We started our Riviera Nayarit exploration in the large town of San Blas (founded in the 17th century,) renowned as one of the world’s most important natural bird refuges.
While birdwatching here is wonderful all year, its rich migratory display every winter season (November-April) brings an estimated 80 per cent of the migratory North American bird species to interact with local species, about 2½ hours north of the Puerto Vallarta airport. Caution — you will need insect repellent in this area!

In San Blas, we stayed at the very pretty Garza Canela, a garden-filled inn run by the four very friendly Vazquez sisters (one of whom is Betty Vazquez, an acclaimed Paris-educated chef, and the Culinary Ambassador for the Riviera Nayarit) and their brother.

This property caters to bird watching groups, provides very early breakfasts to birders, and is just a 15-minute walk from the town’s long sandy beach. The Delfin restaurant, with Chef Betty’s gastronomic marvels (written up in Bon Appétit and Gourmet) is well worth the trip. The Garza Canela sisters will help you book the services of a very reliable and knowledgeable taxi driver, Juan Martinez Velez, who regularly attends to international visitors and can be booked in advance for private trips in the area.

But there’s much more to San Blas — the nearby dense mangroves and hilly rainforest’s microclimate attract thousands of birds to mate, nest and feed in the nutrient-rich estuary. One morning, we arose before sunrise to climb up through the rocky paths at Tecuitata, through impossibly dense mango, jackfruit, banana and papaya trees, and as the first rays of sunlight hit us, so did the cacophony of sound — birds calling, singing, and cawing all around us, along with crickets and woodpeckers. Our bilingual guide, expert birdwatcher Francisco Garcia, called in excitement to us when he spotted a squirrel cuckoo.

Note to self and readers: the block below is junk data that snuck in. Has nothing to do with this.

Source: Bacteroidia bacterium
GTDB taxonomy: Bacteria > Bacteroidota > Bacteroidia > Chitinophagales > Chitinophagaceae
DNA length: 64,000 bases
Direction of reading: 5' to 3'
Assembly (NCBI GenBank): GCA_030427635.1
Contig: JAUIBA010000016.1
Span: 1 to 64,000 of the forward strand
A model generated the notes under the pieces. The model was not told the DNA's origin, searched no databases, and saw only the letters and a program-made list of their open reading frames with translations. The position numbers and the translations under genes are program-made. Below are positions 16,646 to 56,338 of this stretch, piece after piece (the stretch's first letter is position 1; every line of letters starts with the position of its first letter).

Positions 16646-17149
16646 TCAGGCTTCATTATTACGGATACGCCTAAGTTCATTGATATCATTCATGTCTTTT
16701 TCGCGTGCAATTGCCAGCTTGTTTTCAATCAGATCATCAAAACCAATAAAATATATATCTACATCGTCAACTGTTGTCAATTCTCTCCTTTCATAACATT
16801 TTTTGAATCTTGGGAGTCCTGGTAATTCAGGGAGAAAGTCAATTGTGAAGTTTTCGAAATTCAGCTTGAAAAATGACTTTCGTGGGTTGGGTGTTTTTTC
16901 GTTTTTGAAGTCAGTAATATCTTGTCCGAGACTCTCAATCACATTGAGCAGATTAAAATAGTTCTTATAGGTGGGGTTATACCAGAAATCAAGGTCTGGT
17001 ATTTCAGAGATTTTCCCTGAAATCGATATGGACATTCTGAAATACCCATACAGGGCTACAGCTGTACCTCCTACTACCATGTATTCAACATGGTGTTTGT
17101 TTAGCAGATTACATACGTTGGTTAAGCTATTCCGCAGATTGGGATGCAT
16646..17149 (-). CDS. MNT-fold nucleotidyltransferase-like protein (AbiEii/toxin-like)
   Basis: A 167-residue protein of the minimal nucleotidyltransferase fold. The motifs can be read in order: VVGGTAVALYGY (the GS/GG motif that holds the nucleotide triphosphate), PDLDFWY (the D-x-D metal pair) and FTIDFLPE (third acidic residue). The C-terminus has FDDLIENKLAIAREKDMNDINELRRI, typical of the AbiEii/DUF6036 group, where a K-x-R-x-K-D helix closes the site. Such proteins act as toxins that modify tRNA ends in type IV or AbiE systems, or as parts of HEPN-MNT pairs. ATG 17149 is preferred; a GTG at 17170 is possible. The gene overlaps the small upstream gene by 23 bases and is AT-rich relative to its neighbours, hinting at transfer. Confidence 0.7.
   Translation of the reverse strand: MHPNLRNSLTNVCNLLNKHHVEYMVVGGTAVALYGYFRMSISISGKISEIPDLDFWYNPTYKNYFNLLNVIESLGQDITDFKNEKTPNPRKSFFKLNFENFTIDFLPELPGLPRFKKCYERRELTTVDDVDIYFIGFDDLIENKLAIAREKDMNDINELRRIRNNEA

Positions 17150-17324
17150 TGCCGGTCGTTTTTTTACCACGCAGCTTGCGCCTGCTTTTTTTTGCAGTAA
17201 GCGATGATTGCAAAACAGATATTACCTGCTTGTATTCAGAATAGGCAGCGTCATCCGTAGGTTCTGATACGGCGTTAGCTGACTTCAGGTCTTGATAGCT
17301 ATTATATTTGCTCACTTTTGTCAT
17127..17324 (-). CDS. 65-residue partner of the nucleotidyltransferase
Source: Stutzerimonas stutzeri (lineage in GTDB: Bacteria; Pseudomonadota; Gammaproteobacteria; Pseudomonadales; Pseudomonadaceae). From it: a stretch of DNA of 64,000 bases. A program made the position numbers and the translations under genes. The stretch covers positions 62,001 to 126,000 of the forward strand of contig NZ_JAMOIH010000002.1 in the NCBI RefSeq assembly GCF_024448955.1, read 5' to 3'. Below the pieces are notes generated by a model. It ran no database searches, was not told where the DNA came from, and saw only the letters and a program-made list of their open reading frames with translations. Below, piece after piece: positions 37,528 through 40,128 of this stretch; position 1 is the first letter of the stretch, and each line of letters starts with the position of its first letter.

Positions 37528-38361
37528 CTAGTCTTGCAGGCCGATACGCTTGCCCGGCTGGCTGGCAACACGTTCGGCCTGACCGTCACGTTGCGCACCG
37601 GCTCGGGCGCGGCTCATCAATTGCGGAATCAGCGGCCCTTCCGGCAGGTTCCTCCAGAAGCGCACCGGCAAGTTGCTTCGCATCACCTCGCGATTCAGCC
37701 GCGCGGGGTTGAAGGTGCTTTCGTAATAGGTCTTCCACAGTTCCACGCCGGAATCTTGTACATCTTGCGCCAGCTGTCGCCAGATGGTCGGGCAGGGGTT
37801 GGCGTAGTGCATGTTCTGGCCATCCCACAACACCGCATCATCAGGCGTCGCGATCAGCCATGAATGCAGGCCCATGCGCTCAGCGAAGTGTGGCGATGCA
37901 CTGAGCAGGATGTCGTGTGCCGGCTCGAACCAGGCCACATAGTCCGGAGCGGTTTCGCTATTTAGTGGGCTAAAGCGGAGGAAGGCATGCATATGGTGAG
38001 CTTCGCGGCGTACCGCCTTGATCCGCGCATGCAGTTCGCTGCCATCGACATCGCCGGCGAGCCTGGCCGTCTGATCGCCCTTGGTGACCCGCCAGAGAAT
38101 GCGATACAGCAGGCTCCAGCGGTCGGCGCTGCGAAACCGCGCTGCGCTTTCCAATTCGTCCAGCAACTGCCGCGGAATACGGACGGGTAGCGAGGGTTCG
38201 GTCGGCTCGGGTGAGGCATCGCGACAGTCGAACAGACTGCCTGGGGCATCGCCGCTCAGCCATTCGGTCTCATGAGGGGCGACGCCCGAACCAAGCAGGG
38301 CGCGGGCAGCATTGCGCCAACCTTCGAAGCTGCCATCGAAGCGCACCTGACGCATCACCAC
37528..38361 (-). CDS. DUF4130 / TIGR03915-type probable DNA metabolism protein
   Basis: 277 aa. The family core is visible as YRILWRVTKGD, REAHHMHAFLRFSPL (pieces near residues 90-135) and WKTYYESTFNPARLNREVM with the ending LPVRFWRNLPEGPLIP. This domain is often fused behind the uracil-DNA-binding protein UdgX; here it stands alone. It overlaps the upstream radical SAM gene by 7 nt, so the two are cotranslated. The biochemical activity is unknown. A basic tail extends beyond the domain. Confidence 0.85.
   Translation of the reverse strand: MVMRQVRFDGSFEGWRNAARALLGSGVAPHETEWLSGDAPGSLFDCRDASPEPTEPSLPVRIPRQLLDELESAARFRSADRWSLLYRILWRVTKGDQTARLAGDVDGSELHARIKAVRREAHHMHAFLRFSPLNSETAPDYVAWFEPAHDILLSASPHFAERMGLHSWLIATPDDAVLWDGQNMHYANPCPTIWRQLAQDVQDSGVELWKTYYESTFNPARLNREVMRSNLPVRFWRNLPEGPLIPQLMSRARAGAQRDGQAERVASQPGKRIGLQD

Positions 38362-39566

The next morning, we skimmed the glasslike surface of the estuary in a small panga boat to enter the peaceful and beautiful La Tovara, a mangrove refuge filled with about 60 crocodiles, a multitude of turtles, lizards and herons, storks, hawks, eagles, egrets, ducks, falcons and more.

About a 45-minute drive from San Blas, small boats take visitors to the fascinating village of Mexcaltitan, mentioned above. This no-vehicle village of 1,800 residents is only reachable by boat; inside the estuary, this delightful town is completely walkable (after dining on that fabulous fish mentioned above — try La Alberca, about $25 per couple for enormous fish and shrimp lunch with beer). Everyone’s doors are open, children are outside playing, the church has an exceptionally bloody Jesus Christ statue, and there is a surprisingly well executed small historical museum (Museo del Origen).

Stroll the paths into yesteryear and slow down — what would it be like to live here, we wondered. In fact, we learned that some locals have never left — afraid to experience cars, noise and big city life.
As our magical day in Mexcaltitan drew to a close, we embarked onto the little boat alongside some 25 great white pelicans. It was a day like no other we’ve ever had.

For our time of sun and surf, we headed back to Riviera Nayarit. We chose picturesque San Pancho (formally called San Francisco), where we stayed at the lovely Cielo Rojo boutique hotel, perfectly decorated with Mexican folk art. In San Pancho, we visited the fabulous Entreamigos Community Center — a utopia-like non-profit established and run by a former Californian. It is well worth an hour of your time.

Moving on to Bucerias, we stayed in an outstanding ecoproperty. Los Arroyos Verdes is a botanical garden built around 36 private casitas, a restored Airstream trailer and small RV, with 26 staffers attending to the organic chef’s garden, nursery, authentic Temazcal sweat lodge, maintenance, activities (yoga, tai chi, salsa dancing, etc.). We explored the surrounding countryside on the cute vintage bicycles, and swam in the huge azure swimming pool.